and E = {e1, e2, . . . , em} such that c(e1) < c(ei) for all i ∈ {2, 3, . . . , m}. If Dijkstra’s algorithm is
applied to G and the shortest path from v0 to vi
is computed for each i ∈ {1, 2, . . . , n − 1}, then there
exists a node vj ∈ V \ {v0} such that e1 is an edge on the shortest path from from v0 to vj .
(3 marks)
4. Longest paths.
Write an algorithm that finds the length of a longest path starting from node 0 in a DAG.
Input format. The input consists of a sequence of one or more DAGs. Each DAG D is represented
by an adjacency list. The first line is an integer n that indicates the order of D. This is followed by n
white space separated lists of adjacencies for nodes labeled 0 to n − 1. The input is terminated by a
line consisting of a single zero. This line should not be processed. Each input DAG may contain up
to 5000 nodes and up to 10000 arcs. An example input that contains two DAGs is shown next.
Computer Science 220 S1 (2012)
Assignment 4 (Graph Algorithms)
Due dates: May 30 and June 2 (2012)
Please read the entire assignment before starting.
Goals
In this assignment we want you to write simple graph algorithms for directed acyclic graphs (DAGs). There are
three algorithmic tasks. Each task should be coded up in a separate program.
1. Determine the number of components.
2. Find the length of the longest path starting from node 0.
3. Count the number1 of di↵erent paths from node 0 to node n  1.
Input Format
Input for this problem consists of a sequence of one or more acyclic digraphs (DAGs) taken from the keyboard
(e.g. System.in). Each digraph is represented by an adjacency list. The first line is an integer n indicating
the order of the digraph. This is followed by n white space separated lists of adjacencies for nodes labeled 0 to
n1. The input will be terminated by a line consisting of one zero (0). This line should not be processed. Two
sample input digraphs are listed below.
6
123
2
3 5
4
5
6
3 5
2
4
4
0
0 1
3 2
4
0 1
3 2
5 4
DAG 1 DAG 2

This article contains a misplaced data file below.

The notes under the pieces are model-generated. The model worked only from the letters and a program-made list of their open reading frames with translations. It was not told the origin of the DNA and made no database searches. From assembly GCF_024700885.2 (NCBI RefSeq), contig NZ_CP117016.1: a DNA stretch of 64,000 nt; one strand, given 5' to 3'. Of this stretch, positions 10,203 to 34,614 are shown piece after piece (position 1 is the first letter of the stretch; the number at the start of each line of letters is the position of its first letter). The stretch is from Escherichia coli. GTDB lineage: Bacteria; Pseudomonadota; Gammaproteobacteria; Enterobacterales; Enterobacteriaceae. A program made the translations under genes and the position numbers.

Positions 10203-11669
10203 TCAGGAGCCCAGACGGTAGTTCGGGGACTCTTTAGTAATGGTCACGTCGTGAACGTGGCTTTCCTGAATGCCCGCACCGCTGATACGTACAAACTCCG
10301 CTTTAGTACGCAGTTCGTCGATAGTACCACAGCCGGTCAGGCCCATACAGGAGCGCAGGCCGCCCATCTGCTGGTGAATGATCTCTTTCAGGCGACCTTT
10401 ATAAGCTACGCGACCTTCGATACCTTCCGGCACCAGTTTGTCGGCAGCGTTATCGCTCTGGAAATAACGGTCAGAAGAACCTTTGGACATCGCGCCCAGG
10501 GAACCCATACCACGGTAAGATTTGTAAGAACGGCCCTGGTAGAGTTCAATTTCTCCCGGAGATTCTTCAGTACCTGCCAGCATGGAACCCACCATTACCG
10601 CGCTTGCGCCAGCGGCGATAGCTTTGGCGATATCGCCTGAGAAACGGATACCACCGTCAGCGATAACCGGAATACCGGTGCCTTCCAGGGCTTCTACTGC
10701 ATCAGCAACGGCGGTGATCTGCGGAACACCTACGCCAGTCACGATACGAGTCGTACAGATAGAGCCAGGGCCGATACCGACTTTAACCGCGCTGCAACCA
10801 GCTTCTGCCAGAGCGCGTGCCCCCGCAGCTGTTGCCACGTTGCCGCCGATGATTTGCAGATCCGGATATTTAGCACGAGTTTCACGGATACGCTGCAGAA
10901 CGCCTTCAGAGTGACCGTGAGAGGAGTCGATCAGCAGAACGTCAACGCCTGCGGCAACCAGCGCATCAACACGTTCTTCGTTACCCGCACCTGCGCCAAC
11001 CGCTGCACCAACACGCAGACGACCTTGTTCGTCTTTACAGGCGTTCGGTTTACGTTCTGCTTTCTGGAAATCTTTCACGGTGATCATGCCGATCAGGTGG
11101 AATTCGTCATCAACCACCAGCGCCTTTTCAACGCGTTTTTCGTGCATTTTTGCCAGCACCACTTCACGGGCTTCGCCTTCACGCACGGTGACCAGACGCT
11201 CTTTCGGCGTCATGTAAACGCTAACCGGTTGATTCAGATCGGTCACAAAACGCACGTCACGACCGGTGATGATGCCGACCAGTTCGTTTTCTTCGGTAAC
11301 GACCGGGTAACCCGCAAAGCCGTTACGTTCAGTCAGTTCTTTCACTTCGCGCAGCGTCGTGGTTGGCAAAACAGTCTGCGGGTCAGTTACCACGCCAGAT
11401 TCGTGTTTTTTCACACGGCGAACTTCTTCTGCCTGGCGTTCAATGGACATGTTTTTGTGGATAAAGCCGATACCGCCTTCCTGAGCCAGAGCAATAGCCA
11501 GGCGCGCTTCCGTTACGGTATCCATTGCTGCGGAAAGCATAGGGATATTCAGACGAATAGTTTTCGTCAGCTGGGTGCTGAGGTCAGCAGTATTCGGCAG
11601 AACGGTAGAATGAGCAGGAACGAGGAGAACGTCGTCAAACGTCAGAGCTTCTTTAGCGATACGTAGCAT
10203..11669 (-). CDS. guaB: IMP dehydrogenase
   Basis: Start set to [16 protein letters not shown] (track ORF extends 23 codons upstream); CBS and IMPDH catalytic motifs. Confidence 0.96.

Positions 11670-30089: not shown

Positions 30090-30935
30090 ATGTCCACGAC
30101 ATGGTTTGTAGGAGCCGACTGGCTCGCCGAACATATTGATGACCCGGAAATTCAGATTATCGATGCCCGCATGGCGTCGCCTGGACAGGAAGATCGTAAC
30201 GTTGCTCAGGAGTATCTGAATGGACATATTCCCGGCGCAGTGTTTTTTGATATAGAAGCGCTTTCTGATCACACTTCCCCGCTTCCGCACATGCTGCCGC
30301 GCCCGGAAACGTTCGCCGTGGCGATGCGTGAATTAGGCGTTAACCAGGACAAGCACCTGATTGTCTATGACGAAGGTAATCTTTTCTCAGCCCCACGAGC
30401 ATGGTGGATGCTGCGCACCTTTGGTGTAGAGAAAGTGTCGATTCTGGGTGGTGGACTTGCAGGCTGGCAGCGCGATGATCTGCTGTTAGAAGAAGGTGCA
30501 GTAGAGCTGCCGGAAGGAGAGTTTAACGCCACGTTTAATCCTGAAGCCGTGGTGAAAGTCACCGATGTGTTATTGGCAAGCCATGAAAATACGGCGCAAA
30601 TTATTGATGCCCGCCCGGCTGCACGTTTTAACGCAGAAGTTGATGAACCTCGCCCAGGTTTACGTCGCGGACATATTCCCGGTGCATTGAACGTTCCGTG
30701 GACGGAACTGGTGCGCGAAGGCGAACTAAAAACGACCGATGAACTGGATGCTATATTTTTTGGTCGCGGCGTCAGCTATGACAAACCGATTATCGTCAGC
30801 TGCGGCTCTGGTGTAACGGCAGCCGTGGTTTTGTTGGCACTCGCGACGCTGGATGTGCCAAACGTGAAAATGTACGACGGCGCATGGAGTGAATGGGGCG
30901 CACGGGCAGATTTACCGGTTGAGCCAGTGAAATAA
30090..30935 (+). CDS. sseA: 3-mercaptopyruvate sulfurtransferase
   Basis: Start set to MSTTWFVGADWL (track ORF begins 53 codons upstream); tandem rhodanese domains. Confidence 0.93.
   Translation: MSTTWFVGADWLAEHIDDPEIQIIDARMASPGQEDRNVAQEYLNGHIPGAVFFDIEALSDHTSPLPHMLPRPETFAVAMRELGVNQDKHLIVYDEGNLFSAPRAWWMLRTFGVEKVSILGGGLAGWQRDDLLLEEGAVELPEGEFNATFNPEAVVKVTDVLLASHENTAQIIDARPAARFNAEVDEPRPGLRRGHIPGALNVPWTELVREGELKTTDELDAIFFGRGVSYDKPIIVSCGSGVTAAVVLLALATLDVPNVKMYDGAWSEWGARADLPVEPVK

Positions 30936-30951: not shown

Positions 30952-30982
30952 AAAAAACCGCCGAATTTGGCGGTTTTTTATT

5
1You may assume this integer count will fit into a ‘long’ data type of 64 bits.
Output format. The output is a sequence of lines, one for each input DAG. Each line contains a
single integer indicating the length of the longest path starting from vertex 0.
Submit your source code to the automated marker https://www.automarker.cs.auckland.ac.nz.
A set of test cases is provided on Canvas (the two text files test-cases.in and test-cases.out) but you
are strongly encouraged to write your own (boundary) test cases and test your code before submitting
to the automated marker. As in previous assignments, note that the automated marker reads input
from stdin. Your program should be efficient, i.e. it must complete with the correct answer within 10
seconds for any feasible type of input! You get 3 marks for passing the first (small) test case, 2 marks
for passing the second (medium size) test case, and 2 marks for passing the third (large size) test case.
For this assignment, no marks will be awarded or subtracted for adding or omitting comments.
• Supported languages are Java, C,C++, PyPy, Python, Go, C#, Rust, F#, Javascript.
• A sample input and output file for the question is available from Canvas.
• You have an unlimited number of submissions.
• If you submit more than 10 times, there is a penalty of 25%.
• If you submit more than 20 times, there is a penalty of 50%.
(7 marks)